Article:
Hedare is beautiful, but because she is aging, she is deemed irrelevant by both the CEO of the company (who is also her unfaithful husband) and a cosmetics industry obsessed with eternal youth. As revenge, she pushes a beauty cream that stops the aging process but also rots your face off if you stop using it. For a superhero movie, the stakes are incredibly stupid. Catwoman is saving the world from … a face cream? Anyways.

Patience, who is hand-delivering a late assignment after-hours, overhears Hedare overruling a lab scientist at one of the company’s research facilities who warns about the dangers of the cream. Hedare, realizing she has company, sends security after Patience, who drowns while trying to escape. Patience is then revived in short order by an Egyptian Mau belonging to an eccentric and mysterious woman named Ophelia (a heavy-handed reference to drowning). When Patience awakes, she has mysterious cat-like powers. Boom. Our hero is born.

Now, the best part of Catwoman is without a doubt watching a grown woman attempt to physically portray a cat — and I mean really portray a cat. Not just the elegant or super-powered aspects of her cat-like embodiment, but also the dumb things cats do. In a now-infamous scene, Ophelia offers Patience catnip after her transformation. She huffs it like an absolute crazy person — rubbing her face in it, the whole deal. This made me laugh until my stomach hurt. The (underappreciated!) earnestness with which Berry attacked this bonkers script does not fail to entertain. Plus, Berry-as-Catwoman reaches back in time to channel a tone-perfect Eartha Kitt. It’s camp, baby!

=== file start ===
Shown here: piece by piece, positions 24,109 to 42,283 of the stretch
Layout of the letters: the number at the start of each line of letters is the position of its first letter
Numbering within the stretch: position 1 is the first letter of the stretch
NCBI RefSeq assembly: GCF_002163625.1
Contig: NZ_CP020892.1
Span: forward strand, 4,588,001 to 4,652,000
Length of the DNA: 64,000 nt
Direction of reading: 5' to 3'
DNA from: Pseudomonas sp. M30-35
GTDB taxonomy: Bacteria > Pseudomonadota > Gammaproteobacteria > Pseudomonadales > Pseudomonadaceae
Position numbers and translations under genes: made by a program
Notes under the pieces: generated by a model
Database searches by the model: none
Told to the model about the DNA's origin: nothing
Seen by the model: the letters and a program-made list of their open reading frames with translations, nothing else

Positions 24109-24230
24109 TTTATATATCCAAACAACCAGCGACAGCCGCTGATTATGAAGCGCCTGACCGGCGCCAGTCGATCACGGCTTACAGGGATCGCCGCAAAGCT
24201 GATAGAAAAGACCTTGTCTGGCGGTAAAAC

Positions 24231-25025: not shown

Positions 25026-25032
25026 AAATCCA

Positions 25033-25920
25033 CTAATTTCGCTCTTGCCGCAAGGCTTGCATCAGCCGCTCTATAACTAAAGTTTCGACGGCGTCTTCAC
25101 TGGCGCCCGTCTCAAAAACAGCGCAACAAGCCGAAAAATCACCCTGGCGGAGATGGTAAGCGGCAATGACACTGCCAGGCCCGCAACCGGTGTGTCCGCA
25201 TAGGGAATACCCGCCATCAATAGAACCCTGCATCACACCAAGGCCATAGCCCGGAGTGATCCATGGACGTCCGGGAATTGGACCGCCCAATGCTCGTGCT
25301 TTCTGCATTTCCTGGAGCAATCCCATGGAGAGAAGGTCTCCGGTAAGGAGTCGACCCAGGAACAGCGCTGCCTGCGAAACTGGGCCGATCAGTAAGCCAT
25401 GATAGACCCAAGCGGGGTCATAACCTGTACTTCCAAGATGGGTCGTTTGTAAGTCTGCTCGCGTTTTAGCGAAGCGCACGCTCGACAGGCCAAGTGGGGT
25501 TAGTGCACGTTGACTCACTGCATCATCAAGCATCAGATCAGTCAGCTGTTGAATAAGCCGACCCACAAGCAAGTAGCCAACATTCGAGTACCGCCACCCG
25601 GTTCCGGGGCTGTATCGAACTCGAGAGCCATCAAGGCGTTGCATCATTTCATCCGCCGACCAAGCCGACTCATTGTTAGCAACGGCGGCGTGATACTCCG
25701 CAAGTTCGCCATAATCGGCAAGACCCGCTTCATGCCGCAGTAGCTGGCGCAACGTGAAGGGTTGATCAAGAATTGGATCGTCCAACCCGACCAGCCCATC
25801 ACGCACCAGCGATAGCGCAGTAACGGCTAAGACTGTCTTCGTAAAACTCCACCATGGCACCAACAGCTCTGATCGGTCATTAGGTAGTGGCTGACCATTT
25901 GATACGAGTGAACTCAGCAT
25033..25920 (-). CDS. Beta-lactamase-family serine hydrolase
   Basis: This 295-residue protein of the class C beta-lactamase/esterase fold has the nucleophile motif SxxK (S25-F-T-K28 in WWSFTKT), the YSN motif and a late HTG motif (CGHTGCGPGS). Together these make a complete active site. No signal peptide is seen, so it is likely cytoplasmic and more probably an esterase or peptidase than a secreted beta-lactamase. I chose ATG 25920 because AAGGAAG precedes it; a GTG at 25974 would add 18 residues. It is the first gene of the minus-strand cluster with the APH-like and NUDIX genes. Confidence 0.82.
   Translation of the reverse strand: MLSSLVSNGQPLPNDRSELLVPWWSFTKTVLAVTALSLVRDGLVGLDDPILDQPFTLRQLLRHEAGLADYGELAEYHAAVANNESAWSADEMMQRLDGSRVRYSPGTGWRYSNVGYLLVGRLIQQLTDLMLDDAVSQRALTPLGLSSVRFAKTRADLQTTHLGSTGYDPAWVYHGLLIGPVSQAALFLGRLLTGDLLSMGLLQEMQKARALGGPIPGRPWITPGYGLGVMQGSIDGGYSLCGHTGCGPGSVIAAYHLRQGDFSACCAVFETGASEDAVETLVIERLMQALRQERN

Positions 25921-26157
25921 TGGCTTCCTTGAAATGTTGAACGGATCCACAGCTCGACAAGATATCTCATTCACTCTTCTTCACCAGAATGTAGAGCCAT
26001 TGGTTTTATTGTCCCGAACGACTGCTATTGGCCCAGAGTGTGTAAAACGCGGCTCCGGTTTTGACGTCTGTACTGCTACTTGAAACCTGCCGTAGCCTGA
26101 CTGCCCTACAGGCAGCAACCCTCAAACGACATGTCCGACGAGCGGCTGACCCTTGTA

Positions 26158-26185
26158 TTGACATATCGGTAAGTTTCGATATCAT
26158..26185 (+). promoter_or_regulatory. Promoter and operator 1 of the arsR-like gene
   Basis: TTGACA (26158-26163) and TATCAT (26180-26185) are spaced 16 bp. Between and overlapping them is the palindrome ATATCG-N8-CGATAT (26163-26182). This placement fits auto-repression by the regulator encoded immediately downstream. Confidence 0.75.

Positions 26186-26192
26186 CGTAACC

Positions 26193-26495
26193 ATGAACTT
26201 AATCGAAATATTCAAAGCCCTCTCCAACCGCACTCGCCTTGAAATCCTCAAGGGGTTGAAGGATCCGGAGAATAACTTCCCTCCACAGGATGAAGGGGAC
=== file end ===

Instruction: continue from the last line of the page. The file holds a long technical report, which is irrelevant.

From there, Patience has a lovely time foiling heists and enacting petty revenge against people who have slighted her, including Hedare. In the end, Catwoman faces off against Hedare’s ultimate supervillain power: her murderous white-woman tears. Hedare kills her husband and frames her new nemesis, calling in a death-by-cop in the process. They have a knock-down, drag-out final fight as the police encircle them, and Hedare goes down.

After Catwoman bombed, Berry suffered for it. Despite being one of the most sought-after actresses in Hollywood just a couple years earlier, the bigger, juicier roles she had been expecting after her Academy win never came. As the flex to end all flexes, though, Berry brought her Best Actress Oscar statuette onstage during her acceptance speech for her Worst Actress win at that year’s Razzies. Reflecting on her failure at a different awards ceremony more than a decade later, at the 2018 Matrix Awards, Berry made it clear that really, failure is a question of perspective: “While it failed to most people, it wasn’t a failure for me, because … I got a shitload of money that changed my life.” Amen.

Catwoman is available to stream on Peacock, and rent on Amazon Prime Video, YouTube, iTunes, and Google Play.

Catwoman Is Bad at Being Good, But Very Good at Being Bad